Some of you who know me, know that I love marketing and not just any old marketing… I love to work on new and different ways to help companies market themselves. I was very interested to see the way one of our new clients, Foxtel’s LifeStyle Channels has used their thinking caps. A couple of weeks ago, we filmed at the Hemsley and Hemsley event they hosted at the Andrew Boy Charlton Pool at the Domain. The event was put together by Beach Umbrella and as you would expect from LifeStyle Channels and Beach Umbrella, it was meticulously organised, and a real win-win for everyone involved. The biggest winner is Foxtel, who have maximised their brand and turned it into a live event. They have understood their market and found a real way to promote their shows, whilst making money as well as keep their audience appeal.

This particular event kicked off with a ‘hello’ from the Hemsley sisters, followed by a dyanamic 45 minute yoga class led by Angela Mitchell, then breakfast using recipes from the sisters’ new cookbook, then a Q&A with the Hemsley sisters and ended with a meet-and-greet book signing for the new cookbook. Participants were given a copy of the cookbook and the sisters signed and chatted with the the group one on one before the event ended. Besides the book, goodie bags included some Rub the Budda body lotion, a funky drink bottle, a bright pink yoga matt with ‘LifeStyle Channels’ branded on it and a few other small things.

The key here is that LifeStyle Channels knew their the audience well enough to know that someone who watches the Hemsley show is probably interested in fitness and good nutrition and they planned their event for those customers. From a participant’s point of view, the event was super value and they were entertained, networked, got a real workout and learned more about cooking healthy recipes whilst on the run.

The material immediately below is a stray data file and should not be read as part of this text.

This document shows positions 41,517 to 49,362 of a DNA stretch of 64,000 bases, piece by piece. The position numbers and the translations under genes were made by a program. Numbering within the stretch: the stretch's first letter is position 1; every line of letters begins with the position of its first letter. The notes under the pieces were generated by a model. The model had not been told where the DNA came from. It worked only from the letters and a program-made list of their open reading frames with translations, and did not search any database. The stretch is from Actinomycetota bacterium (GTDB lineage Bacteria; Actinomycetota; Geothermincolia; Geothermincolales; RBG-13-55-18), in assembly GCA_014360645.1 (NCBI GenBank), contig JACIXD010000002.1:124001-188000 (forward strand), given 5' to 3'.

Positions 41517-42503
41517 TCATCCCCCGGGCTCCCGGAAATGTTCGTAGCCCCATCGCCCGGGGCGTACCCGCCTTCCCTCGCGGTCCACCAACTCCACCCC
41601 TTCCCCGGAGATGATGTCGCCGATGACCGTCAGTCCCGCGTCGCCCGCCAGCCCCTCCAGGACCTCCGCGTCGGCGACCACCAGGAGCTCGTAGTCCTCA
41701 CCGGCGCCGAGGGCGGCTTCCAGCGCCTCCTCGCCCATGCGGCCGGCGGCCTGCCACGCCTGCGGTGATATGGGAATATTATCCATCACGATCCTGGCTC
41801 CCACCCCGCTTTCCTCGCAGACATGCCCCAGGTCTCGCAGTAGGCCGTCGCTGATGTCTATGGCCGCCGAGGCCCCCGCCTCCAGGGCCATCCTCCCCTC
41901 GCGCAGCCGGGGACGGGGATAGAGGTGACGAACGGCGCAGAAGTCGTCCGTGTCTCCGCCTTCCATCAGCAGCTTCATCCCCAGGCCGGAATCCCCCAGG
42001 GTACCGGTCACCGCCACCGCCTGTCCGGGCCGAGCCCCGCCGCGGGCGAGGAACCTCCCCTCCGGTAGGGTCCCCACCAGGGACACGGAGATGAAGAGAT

For me personally even though I was working, I enjoyed the event and I’m obviously their target market. I like healthy eating, I love yoga and I’m up-to-my-eyeballs busy, so this event ticked all my boxes. I learned a lot from the Hemsley sisters (especially the tip on the snacks to stock up on and ones to carry with you that will help to avoid buying rubbish food when there is nothing else on offer – and that happens a lot for us when we are flat out on shoots or when I am working on a particularly involved marketing project). That day if I hadn’t been working, I would have been more than delighted to buy a ticket.

LifeStyle Channels have quite a few assets they can tap into for successful events and it will be interesting to watch their progress with this new venture. I am a real fan of many of LifeStyle Channels’ shows, so I enjoy working with them. Their shows appeal to me and so do their events. One thing is sure, if they do host events and I’m not working (and circumstances allow), I will try my best to be there as their customer.




Video for Fundraising?

Stewart House and the way they use video is a fine example of clever marketing for a charity. The videos tell individual, moving stories. For the past few years, we have been taking these stories, condensing them and packaging them into manageable, watchable short films, without losing their impact. Videos cannot be too long or viewers quickly lose interest.